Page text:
Some people start listening to Christmas music in October. Personally, I prefer to wait until the day after Thanksgiving. One holiday at a time, please.
But there is one Christmas activity that begins early here at the Yankee Homestead.
Every year around mid-October, we begin packing our Operation Christmas Child shoe boxes for Samaritan’s Purse.
Frankly, I often feel overwhelmed by the staggering injustices and hardships suffered by millions of people around the globe, while we rest easy here in the U-S-of-A. There are so many things I could do, but I can’t do them all and I probably don’t do nearly as much as I should.
But I can do something, and this is one of those things.
I didn’t even have children yet when I packed my first boxes.
I was one of those Coupon Queens, dubbed the Bargainizer by close friends. Since I didn’t have children yet, I had time to shop around, use coupons and get great deals. When I learned of Samaritan’s Purse and OCC, I knew I could put my thrifty skills to work and pack several boxes for next to nothing.
When our first son came along and grew old enough to understand, he became my Shoe Box Helper.
At first (around the age of three) he wanted to keep everything for himself. Eventually, he seemed to connect with my explanations of the little boys and girls in other countries who don’t really have a Christmas and who don’t really even have the things they need every day.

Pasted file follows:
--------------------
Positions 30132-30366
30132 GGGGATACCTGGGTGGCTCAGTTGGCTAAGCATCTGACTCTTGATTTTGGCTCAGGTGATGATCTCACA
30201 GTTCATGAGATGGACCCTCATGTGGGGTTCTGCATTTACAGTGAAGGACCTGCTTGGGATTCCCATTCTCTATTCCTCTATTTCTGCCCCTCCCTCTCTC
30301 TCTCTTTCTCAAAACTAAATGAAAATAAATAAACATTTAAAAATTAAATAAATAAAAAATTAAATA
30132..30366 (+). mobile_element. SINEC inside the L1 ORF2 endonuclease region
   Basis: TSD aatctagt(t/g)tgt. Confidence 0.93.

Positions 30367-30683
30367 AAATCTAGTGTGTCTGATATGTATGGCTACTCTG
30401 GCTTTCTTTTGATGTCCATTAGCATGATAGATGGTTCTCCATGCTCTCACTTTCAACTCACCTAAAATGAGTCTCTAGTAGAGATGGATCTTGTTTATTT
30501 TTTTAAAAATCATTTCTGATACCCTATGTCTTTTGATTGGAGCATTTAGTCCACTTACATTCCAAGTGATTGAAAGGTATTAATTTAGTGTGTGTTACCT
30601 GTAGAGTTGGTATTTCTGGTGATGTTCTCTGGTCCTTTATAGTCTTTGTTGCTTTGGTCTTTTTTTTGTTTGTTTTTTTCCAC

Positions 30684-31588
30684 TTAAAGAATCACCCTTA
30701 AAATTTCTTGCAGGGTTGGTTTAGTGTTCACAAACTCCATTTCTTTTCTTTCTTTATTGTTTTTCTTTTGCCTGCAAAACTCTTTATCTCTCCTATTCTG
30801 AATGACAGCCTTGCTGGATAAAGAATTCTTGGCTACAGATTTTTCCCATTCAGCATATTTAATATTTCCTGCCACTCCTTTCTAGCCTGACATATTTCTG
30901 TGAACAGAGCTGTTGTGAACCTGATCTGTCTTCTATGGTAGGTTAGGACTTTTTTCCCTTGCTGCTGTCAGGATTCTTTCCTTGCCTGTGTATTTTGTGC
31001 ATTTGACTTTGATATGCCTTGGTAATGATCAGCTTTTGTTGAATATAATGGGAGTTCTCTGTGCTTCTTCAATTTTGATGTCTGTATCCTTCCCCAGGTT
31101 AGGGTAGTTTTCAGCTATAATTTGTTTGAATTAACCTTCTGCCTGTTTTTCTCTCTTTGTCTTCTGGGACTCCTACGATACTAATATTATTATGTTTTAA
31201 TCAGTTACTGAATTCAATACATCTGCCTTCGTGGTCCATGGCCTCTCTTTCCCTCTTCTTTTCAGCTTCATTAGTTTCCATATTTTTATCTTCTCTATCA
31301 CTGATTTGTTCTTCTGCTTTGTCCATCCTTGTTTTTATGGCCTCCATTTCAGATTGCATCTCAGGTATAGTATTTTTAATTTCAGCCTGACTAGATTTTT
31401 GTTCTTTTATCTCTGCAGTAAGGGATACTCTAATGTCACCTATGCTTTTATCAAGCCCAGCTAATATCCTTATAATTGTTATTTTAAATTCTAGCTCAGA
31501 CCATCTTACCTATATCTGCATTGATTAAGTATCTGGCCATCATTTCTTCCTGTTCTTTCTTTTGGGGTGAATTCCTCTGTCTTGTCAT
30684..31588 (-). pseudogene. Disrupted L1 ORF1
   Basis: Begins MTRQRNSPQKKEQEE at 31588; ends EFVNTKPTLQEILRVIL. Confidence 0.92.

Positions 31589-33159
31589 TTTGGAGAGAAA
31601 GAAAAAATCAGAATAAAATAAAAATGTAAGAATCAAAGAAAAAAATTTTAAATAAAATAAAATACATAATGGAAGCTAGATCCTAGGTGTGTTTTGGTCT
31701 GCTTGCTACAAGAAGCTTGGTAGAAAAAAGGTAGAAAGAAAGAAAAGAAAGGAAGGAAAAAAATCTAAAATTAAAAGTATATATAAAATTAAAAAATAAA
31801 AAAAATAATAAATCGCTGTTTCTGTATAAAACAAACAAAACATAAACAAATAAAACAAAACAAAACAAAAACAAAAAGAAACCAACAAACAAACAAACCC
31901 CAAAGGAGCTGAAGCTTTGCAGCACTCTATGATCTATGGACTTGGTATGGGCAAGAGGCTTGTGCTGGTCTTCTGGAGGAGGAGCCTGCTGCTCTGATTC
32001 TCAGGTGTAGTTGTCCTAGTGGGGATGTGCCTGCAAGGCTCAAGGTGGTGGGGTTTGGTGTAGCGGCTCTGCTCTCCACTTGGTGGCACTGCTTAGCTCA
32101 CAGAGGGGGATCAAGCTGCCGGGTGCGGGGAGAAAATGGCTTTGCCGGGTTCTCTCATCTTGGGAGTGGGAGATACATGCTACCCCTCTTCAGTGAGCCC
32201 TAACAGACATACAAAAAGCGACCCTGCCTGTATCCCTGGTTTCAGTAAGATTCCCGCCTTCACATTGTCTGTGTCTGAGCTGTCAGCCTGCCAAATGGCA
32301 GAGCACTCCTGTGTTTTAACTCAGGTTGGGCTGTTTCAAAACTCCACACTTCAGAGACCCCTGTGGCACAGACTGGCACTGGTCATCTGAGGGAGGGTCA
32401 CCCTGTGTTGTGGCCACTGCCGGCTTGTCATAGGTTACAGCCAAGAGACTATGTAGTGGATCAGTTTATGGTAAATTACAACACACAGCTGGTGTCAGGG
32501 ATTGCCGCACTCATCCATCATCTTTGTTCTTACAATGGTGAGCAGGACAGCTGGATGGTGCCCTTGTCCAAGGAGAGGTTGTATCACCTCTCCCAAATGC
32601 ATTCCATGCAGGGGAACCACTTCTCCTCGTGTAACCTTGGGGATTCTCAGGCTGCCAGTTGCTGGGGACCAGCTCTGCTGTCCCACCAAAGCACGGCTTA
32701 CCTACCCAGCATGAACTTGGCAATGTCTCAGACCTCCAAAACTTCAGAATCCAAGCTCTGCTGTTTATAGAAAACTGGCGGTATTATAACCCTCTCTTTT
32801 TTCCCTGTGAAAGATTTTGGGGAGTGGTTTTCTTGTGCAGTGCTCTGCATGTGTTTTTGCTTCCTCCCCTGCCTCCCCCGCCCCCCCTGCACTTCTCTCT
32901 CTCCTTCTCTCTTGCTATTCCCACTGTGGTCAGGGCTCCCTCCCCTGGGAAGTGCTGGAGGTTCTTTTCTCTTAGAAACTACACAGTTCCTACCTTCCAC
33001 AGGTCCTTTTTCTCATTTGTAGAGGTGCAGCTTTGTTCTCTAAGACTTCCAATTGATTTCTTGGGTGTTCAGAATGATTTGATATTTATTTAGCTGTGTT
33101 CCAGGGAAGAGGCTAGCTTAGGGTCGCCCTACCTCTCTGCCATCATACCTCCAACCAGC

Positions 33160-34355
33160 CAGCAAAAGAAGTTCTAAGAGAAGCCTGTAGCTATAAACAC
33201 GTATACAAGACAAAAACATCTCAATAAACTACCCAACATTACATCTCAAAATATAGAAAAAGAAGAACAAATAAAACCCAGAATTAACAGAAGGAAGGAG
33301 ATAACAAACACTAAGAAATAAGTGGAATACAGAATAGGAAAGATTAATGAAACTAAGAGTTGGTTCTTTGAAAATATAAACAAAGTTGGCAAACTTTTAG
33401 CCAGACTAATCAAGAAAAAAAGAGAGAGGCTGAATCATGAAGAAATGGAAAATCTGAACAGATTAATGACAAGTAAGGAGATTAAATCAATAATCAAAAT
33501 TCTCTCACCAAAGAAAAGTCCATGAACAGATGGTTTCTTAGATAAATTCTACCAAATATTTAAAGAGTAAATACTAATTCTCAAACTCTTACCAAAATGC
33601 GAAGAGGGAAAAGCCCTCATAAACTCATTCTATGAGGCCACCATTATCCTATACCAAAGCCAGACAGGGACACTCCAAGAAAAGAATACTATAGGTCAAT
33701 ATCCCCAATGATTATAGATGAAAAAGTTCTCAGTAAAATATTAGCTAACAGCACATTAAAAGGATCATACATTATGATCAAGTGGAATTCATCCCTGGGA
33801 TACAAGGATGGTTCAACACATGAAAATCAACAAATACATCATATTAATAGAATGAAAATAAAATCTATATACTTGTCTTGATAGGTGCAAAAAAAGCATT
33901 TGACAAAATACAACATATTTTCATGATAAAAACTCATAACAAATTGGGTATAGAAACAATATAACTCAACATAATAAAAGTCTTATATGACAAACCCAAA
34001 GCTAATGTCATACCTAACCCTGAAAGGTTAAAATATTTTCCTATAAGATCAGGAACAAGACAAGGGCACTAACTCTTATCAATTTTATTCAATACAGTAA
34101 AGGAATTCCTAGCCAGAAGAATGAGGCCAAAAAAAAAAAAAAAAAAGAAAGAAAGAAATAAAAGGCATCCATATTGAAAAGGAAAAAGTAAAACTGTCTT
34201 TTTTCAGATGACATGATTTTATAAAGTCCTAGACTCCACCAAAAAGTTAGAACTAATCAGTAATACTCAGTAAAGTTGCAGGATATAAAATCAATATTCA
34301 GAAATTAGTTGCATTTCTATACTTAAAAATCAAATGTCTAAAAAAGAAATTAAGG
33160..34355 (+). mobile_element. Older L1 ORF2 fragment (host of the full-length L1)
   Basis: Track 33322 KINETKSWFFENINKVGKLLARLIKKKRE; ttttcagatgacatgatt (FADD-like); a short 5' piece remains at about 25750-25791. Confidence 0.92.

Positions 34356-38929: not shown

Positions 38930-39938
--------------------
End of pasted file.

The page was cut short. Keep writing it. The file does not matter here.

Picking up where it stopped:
(This always reminds me of two EXCELLENT children’s books: The Little Engine That Could and Prayer for a Child. I love to tie these in with our shoe box packing, especially Prayer for a Child. For older kids, you could easily find a book, story or Bible verse to go along with your shoe box packing).
Now he is a wonderful helper and really gets into distributing our shoe box items across each of the five boxes that we pack each year.
At age two, Little Brother is not quite old enough to help with the packing of the shoe boxes.
(We tried, but it did not go well! I always forget how selfish and “busy” two-year-olds tend to be….perhaps some two-year-olds actually can help with an activity like this, but it’s never worked well at our house.)
If you do attempt it with toddlers, I suggest doing a lot of prep work before involving the kiddos. Like having all your items unpackaged/unwrapped and set out in a spot where only you can reach them, and then you hand the items to the kids, one at a time and supervise their distribution into the shoe boxes.
This is how it works at the Yankee Homestead:
- All year long, we (I) collect items. (See below for thrifty ideas).